YR15 in review, pt. I
Night one: Thursday, Oct. 11
Leading up to YR15’s opening night, I couldn’t help but wonder how exactly its organizers planned to fit seven bands into the evening, without keeping a work-night crowd up all night. After opening act Jukebox The Ghost stretched its polished fusion of Ben Folds piano-rock and lite-prog to an hour, only then to be joined by a local youth choir for a finale, my wondering turned to worrying.
In hindsight, the evening didn’t really start until after Jukebox the Ghost had finished playing, M.C. John Wesley Harding had given his introductions, and the youth choir had sung its rendition of Nick Lowe’s “(What’s So Funny ‘Bout) Peace, Love, and Understanding.” That’s when Eleni Mandell, the first of five solo performers, began her set of retro-tilting folk-pop, songs she said were written about her crazy ex-boyfriends. (And to which one audience member who had apparently not heard many female musicians before in his life quipped, “I like it when girls don’t sing like Sarah McLachlan.”)
Her set, it’s worth noting, was followed by a hilarious ad-libbed interlude from comedian Eugene Mirman, whose sarcastic crowd-work made for an early highlight.
The sets that followed Mandell’s offered variations on the theme. Chuck Prophet stripped down songs from his latest, Temple Beautiful. Dave Alvin invited Christy McWilson of The Guilty Women to join him onstage for an acoustic set that showcased Alvin’s dexterous guitar playing and booming baritone far more than McWilson’s brassy twang. Both Prophet and Alvin seemed a bit out of their elements, however, without the full-band backing that often accompanies their work. It was the job of English elder-statesmen Robyn Hitchcock and Nick Lowe — and Harding with a couple between-set interludes, including the hilarious “Making Love to Bob Dylan” — to make the songwriter’s round format successful.
Hitchcock and Lowe have both seen late-career resurgences as Yep Roc artists, both through reissues of classic catalog material and new works. And this night, both showed veteran poise and adaptability as they met the solo-acoustic challenge. Hitchcock’s droll banter and upbeat pop songs were a worthy complement to Lowe’s set, which drew elements of rockabilly and early R&B from classic cuts like “I Knew The Bride (When She Used to Rock & Roll).”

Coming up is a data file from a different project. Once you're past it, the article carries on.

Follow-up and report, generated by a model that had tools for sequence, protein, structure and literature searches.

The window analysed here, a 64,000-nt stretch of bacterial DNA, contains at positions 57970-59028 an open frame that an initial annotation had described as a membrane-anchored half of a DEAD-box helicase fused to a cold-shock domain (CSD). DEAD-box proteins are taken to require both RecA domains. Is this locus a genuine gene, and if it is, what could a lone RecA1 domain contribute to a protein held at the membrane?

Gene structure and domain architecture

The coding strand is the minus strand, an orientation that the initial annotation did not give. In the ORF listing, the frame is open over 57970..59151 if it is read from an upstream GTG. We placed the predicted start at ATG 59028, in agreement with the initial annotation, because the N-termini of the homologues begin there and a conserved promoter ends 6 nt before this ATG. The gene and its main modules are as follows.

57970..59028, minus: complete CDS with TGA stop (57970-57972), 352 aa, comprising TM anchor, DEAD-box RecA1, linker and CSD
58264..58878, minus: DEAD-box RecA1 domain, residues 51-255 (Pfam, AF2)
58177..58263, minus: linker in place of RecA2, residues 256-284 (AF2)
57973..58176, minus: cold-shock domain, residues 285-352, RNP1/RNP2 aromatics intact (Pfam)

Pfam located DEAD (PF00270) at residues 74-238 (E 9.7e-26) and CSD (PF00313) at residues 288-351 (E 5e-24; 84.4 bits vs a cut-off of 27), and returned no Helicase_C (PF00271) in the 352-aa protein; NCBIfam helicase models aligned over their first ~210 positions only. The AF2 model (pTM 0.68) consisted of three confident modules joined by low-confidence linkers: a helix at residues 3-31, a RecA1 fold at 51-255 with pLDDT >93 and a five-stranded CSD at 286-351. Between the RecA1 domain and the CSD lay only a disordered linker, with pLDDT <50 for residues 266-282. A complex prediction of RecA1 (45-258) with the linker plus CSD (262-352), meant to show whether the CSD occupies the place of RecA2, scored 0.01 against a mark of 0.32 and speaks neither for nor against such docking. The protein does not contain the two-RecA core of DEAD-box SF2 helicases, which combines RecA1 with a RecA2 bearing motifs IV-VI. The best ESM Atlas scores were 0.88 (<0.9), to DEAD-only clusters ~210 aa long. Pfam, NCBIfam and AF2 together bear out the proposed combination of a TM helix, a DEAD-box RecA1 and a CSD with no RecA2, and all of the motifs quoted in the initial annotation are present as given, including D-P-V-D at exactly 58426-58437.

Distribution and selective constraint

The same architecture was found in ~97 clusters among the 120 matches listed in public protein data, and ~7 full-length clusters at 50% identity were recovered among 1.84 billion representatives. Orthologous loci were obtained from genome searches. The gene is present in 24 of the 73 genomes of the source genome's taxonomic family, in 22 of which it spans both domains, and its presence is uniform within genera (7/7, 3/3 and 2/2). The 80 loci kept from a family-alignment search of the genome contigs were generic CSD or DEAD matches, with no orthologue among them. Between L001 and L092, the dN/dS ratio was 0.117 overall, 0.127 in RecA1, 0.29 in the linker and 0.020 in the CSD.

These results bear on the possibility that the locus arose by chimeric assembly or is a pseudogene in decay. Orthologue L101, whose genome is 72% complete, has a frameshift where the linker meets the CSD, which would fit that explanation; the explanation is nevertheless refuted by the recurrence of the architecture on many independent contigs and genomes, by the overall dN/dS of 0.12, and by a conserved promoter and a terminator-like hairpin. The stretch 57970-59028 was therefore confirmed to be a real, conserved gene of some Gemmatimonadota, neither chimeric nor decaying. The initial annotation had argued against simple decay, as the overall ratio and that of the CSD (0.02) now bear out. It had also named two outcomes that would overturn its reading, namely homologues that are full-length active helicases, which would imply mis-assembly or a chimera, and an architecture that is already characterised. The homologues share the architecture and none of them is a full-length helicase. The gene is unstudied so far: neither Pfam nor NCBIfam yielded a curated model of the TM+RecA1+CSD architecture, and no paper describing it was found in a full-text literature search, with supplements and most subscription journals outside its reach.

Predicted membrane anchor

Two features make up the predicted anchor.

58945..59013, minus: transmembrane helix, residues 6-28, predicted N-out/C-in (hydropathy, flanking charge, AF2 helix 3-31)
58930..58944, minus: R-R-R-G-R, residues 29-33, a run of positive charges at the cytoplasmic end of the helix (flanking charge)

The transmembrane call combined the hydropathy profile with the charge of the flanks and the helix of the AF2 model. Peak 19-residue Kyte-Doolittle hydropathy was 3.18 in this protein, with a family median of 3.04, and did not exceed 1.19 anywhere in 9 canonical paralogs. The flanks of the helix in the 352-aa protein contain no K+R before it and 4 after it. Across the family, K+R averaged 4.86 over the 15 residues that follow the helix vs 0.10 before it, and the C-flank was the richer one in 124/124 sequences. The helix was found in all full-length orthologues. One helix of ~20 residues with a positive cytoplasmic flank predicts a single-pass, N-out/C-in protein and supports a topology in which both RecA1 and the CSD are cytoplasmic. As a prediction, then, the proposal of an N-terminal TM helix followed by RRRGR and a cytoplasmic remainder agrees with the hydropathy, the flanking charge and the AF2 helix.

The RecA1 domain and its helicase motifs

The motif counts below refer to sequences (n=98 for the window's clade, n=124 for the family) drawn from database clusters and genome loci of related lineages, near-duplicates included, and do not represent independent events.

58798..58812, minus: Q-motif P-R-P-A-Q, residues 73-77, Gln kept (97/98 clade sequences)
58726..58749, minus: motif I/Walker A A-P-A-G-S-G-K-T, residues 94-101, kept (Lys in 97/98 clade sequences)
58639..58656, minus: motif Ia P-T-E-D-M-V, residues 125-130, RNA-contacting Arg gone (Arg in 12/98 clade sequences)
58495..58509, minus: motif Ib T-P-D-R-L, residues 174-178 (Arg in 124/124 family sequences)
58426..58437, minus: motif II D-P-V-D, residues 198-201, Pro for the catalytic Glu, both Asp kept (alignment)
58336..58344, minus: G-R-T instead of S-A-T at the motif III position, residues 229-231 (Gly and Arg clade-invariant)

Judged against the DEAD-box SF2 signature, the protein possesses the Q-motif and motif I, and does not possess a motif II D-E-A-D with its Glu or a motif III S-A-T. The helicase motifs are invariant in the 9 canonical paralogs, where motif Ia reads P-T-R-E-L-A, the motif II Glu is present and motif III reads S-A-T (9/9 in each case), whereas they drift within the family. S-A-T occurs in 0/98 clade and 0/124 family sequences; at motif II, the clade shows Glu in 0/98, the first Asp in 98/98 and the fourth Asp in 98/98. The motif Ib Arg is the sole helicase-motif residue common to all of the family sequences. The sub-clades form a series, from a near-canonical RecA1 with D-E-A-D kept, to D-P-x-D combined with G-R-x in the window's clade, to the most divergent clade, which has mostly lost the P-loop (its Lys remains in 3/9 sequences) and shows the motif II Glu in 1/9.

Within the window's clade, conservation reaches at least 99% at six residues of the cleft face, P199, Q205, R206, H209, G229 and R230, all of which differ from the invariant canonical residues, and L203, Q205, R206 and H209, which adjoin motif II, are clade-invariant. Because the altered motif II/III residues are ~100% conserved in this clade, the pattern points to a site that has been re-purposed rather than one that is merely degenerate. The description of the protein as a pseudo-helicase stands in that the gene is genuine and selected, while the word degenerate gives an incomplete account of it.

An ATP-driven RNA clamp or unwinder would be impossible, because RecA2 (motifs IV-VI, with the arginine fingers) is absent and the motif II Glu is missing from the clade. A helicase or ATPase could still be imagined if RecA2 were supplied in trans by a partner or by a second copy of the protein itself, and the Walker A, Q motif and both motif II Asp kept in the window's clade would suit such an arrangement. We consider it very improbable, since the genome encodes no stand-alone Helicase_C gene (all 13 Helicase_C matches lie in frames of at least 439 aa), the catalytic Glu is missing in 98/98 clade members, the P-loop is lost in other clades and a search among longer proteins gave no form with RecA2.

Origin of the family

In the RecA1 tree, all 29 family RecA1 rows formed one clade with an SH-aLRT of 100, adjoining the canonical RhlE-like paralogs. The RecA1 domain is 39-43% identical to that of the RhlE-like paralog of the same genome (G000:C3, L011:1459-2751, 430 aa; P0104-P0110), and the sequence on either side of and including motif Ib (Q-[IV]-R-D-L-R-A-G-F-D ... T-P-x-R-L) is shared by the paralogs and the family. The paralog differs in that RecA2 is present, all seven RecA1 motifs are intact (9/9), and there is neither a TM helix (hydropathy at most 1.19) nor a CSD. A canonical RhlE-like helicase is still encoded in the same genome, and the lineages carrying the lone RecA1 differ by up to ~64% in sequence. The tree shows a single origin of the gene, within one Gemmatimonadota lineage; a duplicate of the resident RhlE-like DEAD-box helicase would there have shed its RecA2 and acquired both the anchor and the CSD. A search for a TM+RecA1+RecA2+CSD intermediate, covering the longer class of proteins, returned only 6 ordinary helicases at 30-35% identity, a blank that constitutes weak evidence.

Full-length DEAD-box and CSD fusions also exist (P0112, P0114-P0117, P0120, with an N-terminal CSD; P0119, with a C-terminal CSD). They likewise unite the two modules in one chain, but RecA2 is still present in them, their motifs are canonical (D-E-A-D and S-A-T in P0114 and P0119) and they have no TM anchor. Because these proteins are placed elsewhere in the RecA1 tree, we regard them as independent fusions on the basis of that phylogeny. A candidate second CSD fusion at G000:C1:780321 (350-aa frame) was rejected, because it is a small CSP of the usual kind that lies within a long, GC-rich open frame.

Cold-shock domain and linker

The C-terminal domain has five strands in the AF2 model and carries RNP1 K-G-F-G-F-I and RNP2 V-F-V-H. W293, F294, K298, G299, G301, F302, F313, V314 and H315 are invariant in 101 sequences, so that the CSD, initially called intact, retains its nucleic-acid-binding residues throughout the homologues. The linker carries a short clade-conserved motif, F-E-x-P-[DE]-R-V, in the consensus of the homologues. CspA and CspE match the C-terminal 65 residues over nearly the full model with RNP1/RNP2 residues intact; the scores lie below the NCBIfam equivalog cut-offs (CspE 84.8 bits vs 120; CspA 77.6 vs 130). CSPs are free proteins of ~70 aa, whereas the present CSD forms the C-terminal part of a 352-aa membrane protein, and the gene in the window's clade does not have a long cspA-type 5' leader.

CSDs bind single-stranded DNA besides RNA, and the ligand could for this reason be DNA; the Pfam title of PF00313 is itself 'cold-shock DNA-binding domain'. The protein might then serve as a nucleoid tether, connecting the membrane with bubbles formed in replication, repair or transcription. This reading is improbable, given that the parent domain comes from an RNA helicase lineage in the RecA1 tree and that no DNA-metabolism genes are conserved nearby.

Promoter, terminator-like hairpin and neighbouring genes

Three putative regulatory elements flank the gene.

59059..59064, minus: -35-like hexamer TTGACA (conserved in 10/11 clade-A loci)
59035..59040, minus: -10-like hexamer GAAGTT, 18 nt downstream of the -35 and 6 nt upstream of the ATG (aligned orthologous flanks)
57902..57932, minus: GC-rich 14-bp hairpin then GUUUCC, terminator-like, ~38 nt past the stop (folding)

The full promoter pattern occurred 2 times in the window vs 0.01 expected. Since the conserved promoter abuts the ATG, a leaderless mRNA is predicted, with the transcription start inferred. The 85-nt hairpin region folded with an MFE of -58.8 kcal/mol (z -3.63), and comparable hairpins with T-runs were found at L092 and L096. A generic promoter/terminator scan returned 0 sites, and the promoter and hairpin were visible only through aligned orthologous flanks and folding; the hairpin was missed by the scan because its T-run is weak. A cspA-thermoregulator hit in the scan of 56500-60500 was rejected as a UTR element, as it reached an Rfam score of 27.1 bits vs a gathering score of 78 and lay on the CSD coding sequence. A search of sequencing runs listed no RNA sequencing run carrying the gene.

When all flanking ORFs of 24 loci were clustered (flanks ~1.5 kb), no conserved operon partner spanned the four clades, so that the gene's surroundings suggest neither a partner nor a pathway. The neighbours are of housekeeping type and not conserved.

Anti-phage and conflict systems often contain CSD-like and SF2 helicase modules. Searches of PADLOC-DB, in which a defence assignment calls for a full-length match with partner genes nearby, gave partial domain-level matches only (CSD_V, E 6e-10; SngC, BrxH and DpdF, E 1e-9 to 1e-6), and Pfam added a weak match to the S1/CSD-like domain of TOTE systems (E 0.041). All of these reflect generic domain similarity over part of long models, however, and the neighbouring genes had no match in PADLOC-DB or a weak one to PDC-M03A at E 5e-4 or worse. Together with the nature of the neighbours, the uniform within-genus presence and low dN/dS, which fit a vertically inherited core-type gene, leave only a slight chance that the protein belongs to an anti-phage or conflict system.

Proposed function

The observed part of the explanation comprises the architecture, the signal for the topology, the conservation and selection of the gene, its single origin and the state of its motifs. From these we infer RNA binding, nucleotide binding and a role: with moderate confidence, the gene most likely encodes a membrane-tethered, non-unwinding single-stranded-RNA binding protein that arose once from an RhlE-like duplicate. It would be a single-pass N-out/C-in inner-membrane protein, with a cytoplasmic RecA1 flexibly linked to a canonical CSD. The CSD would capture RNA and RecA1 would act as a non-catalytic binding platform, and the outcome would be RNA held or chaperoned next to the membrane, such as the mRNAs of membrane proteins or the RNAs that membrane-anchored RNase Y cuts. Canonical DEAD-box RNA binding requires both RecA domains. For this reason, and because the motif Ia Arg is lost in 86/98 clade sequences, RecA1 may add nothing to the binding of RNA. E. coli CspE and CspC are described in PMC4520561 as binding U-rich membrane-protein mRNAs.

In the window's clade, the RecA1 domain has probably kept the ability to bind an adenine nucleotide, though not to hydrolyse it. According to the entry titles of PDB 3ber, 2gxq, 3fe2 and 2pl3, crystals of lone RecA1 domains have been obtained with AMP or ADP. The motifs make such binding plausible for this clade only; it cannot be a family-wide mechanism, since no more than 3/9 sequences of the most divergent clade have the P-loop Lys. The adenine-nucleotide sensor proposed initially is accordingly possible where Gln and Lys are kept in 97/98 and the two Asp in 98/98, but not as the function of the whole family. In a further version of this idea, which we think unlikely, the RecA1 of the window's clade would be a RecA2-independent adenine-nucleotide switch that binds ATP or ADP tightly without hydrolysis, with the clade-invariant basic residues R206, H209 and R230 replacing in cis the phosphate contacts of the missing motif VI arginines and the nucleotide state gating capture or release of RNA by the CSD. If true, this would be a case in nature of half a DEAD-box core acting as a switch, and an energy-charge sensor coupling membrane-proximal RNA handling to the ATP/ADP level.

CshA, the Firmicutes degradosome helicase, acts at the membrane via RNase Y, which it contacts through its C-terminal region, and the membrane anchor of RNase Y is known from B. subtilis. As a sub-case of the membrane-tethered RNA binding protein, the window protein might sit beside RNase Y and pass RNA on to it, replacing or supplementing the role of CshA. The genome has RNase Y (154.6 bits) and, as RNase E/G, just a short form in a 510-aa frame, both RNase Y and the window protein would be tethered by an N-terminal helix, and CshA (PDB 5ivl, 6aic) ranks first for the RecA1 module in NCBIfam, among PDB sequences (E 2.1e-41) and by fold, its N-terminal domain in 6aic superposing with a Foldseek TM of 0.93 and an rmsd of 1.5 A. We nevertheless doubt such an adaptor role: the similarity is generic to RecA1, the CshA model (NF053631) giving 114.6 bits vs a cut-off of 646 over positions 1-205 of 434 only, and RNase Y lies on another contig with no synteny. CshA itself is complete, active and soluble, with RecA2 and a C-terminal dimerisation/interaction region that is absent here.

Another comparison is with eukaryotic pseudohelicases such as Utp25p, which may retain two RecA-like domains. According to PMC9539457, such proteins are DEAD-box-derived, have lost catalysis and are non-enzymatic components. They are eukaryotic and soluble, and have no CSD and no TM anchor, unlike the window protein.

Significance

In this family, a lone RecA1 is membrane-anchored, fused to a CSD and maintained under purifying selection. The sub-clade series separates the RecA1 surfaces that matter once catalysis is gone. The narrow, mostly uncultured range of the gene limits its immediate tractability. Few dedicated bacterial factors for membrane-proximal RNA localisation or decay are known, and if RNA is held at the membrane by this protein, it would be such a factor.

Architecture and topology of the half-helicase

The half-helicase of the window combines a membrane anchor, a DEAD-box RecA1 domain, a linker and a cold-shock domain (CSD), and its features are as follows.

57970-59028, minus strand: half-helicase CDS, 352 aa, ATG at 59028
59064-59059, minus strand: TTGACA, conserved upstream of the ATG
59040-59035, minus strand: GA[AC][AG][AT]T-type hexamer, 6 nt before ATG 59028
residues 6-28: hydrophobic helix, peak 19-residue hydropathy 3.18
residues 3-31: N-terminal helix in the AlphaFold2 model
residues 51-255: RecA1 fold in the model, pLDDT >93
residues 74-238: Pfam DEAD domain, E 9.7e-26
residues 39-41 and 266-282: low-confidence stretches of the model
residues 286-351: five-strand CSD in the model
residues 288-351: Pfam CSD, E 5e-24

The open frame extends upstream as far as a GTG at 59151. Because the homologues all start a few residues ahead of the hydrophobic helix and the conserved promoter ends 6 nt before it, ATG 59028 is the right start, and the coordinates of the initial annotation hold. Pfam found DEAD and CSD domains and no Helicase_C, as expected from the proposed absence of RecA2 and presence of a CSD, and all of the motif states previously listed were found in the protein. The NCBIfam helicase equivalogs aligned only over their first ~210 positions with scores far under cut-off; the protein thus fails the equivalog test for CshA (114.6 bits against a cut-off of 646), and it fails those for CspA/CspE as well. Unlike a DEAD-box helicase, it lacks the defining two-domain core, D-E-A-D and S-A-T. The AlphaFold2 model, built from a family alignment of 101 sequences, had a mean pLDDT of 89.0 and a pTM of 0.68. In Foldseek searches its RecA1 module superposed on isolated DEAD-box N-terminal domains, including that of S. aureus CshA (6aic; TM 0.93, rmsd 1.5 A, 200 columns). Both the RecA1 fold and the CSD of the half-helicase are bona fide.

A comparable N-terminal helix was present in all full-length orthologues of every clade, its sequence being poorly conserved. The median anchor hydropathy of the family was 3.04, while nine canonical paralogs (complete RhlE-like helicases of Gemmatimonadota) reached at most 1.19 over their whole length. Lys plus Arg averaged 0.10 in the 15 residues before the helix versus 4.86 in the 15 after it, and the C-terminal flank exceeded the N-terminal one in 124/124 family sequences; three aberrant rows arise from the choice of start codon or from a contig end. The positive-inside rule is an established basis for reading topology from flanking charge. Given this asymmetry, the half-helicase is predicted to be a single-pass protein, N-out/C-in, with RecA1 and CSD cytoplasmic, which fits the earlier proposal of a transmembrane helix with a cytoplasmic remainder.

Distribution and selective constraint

Though Lowe and Hitchcock had been advertised at the top of the bill, it was the Nashville surf-rock band Los Straitjackets that closed the evening. Clad in their iconic black suits and flashy luchador masks, the band opened as a foursome, with guitarist Greg Townson in the place of founding axeman Danny “Daddy O Grande” Amis. Townson held his own, maintaining the band’s reputation as one of the premiere contemporary intstro acts, but the set kicked into overdrive when Amis strolled out from backstage.
Amis had left the band upon his diagnosis with Multiple Myeloma in 2010, but rejoined in time for the band’s latest album, Jet Set. In their new three-guitar lineup, Los Straitjackets roared with alarming volume, cutting sharp leads through disorienting reverb. While Amis, Townson and Eddie Angel swapped licks, the evening got a welcome shot of adrenaline as the witching hour approached.
Finally, the parade of songwriters who’d performed much shorter sets than would usually be customary, returned, one by one, to offer two more, backed by the masked men of Los Straitjackets. Mandell’s turn posited her as a sultry lounge singer before Prophet commandeered the stage for his rowdy bar-rock. Hitchcock and Lowe sang together, meeting Los Straitjackets halfway with song selections that united English pop with American rockabilly. The most obvious collaborative choice, Alvin and McWilson, returned to perform The Rivieras’ “California Sun” and The Blasters’ “Marie Marie” with Los Straitjackets.
The songwriter’s circle plus house-band medley proved a capable format for the stacked bill, but after seeing Los Straitjackets’ incandescent pre-guest set, it almost felt like a misstep. Lowe and Hitchcock excelled when they commanded the audience alone. And Prophet might have benefitted from his own Mission Express band. Still, as a showcase of Yep Roc’s stable of adaptable veterans, night one set a high bar for the two nights to follow. —Bryan C. Reed